With Instagram approving its new look today, it’s like watching the evolution of TV in reverse. We’ve never had more beautiful smartphone displays, why would we dumb down the designs of our staple apps? It turns out that stripping colorful hues out of an app actually makes a ton of sense.
Though we tend to focus intensely on the new features of the apps and mobile operating systems we use every day, the underlying design ideas have also seen some big changes. Apple’s operating system became much flatter with the introduction of iOS 7, meaning it lost some of its frills like 3D-like effects on apps and other examples of skeuomorphism, and instead favored elegant simplicity. A year later, Google debuted Material Design, a stripped-down approach to digital interfaces that ditched bubble icons and included smooth, animated transitions. Far from regression, reverting to a simpler color palette is actually an evolution.
“At the beginning, mobile interfaces were really, really in the foreground... they were the star of the show” Khoi Vinh, director of product design for mobile at Adobe, told Gizmodo. “We’re in a trend now where we’re scaling back from that with flat design, making the content step forward and making apps a lower burden on the smartphone and the user.”
Vinh says that in many ways, a lack of color is just as distinctive as filling up all our screens with an assortment of different hues, except that it doesn’t have the negative consequence of distracting the user from the content. It’s the reason why black-and-white design is so popular among photo apps like 500px. It’s probably not the best idea to have UI fighting for attention with the content your users are creating.
Stripping out color also comes with other inherent advantages. “Once you’ve desaturated the interface, you can then use color for your own purposes,” said Nicholas Felton, a former Facebook designer who has work in the permanent collection at the Museum of Modern Art. When you use color sparingly, it becomes a tool. For example, in a subdued app design, you can use color to guide users through menus, mark specific features, or just make your logo big and bright, like what Spotify does with its black and lime-green color scheme, says Felton.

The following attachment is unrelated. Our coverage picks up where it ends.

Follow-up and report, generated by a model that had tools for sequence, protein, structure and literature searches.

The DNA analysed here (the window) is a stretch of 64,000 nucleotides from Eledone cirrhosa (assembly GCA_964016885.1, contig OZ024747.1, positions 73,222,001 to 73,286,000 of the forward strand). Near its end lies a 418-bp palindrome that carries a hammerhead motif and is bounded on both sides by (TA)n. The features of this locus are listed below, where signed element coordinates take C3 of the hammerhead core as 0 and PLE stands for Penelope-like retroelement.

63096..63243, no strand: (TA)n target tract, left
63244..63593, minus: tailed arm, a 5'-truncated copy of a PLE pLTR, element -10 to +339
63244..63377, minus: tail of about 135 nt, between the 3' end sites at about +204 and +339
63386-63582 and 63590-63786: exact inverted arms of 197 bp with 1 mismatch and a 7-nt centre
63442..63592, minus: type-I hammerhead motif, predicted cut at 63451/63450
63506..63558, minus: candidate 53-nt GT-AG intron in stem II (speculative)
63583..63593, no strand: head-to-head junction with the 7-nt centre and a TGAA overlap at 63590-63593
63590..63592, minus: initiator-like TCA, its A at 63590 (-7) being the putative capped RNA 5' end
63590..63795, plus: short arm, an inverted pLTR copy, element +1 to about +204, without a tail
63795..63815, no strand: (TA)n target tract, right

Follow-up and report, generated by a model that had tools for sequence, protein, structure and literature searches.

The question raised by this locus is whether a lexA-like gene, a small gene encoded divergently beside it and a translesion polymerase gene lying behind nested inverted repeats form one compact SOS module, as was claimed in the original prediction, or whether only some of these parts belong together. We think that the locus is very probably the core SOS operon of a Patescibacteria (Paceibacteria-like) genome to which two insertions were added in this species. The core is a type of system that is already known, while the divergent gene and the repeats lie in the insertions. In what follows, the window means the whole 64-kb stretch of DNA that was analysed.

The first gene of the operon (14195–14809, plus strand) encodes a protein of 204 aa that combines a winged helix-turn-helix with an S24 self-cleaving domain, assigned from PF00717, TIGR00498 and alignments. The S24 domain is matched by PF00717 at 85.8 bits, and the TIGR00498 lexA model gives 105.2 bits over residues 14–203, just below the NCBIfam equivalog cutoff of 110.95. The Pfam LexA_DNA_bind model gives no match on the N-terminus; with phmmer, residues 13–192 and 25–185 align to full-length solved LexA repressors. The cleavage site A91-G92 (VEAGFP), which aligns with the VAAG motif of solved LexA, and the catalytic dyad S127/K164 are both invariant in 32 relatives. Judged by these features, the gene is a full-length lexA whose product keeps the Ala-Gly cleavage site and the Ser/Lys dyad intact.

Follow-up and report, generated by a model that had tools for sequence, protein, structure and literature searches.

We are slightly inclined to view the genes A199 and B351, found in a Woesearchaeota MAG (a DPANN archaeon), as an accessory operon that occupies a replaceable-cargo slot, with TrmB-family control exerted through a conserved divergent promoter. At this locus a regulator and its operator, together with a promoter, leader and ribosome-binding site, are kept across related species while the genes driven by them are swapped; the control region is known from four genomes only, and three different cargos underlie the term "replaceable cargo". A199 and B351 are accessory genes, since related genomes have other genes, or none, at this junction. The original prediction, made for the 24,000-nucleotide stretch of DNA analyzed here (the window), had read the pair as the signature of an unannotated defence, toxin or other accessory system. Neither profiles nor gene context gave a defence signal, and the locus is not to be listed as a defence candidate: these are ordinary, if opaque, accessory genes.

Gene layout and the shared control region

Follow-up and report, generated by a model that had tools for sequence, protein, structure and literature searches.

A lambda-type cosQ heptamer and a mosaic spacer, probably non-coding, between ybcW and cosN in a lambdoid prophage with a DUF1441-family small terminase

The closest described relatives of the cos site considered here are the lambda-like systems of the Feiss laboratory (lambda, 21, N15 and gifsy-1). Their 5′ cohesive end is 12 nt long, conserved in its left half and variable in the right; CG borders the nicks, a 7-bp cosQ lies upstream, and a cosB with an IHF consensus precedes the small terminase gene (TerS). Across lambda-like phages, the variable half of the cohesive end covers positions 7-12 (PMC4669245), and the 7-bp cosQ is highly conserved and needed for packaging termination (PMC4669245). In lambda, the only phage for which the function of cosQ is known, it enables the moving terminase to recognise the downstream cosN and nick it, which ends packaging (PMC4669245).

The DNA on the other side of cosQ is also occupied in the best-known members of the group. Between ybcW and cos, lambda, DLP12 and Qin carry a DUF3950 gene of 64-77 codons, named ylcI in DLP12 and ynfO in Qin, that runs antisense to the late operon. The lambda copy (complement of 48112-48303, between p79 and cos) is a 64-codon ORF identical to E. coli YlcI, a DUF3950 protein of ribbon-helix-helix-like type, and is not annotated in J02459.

Apple Music, in particular, could use the upgrade. Design was one of its biggest shortcomings. For example, color schemes would change to match the art of each album. Cool on paper, but a jumbled visual mess when looking at it on a screen. It also made the app’s already confusing navigation even harder to use. We don’t know precisely what a redesigned Apple Music would look like, but a simpler concept can’t hurt.
But Instagram has officially gone black and white. In addition to abandoning that dated-feeling blue theme in favor of the elegant grayscale, the icons and buttons have been simplified. The design becomes a distraction-free frame, so that your eye is unavoidably drawn to the multi-colored content in your feed.
However, there’s no guarantee that Apple company will eventually adopt black-and-white, but there’s definitely evidence that change is afoot. Bloomberg originally reported that tensions between the acquired Beats team and Apple could be driving a design shakeup. There are also murmurs that Apple will introduce a “dark mode” (giving the frost glass shade a darker hue for example), which plays nicely with the Apple Music rumor.
As for the question of timing—Apple Music and Instagram have one thing in common: They’re popular and entrenched. “These apps are in a position to do this kind of design stuff,” Vinh says. “By blending into the background, they acknowledge that they’re basically an indispensable utility.”
This story originally ran on May 5th, 2016. It’s been updated to include new details of Instagram’s new redesign.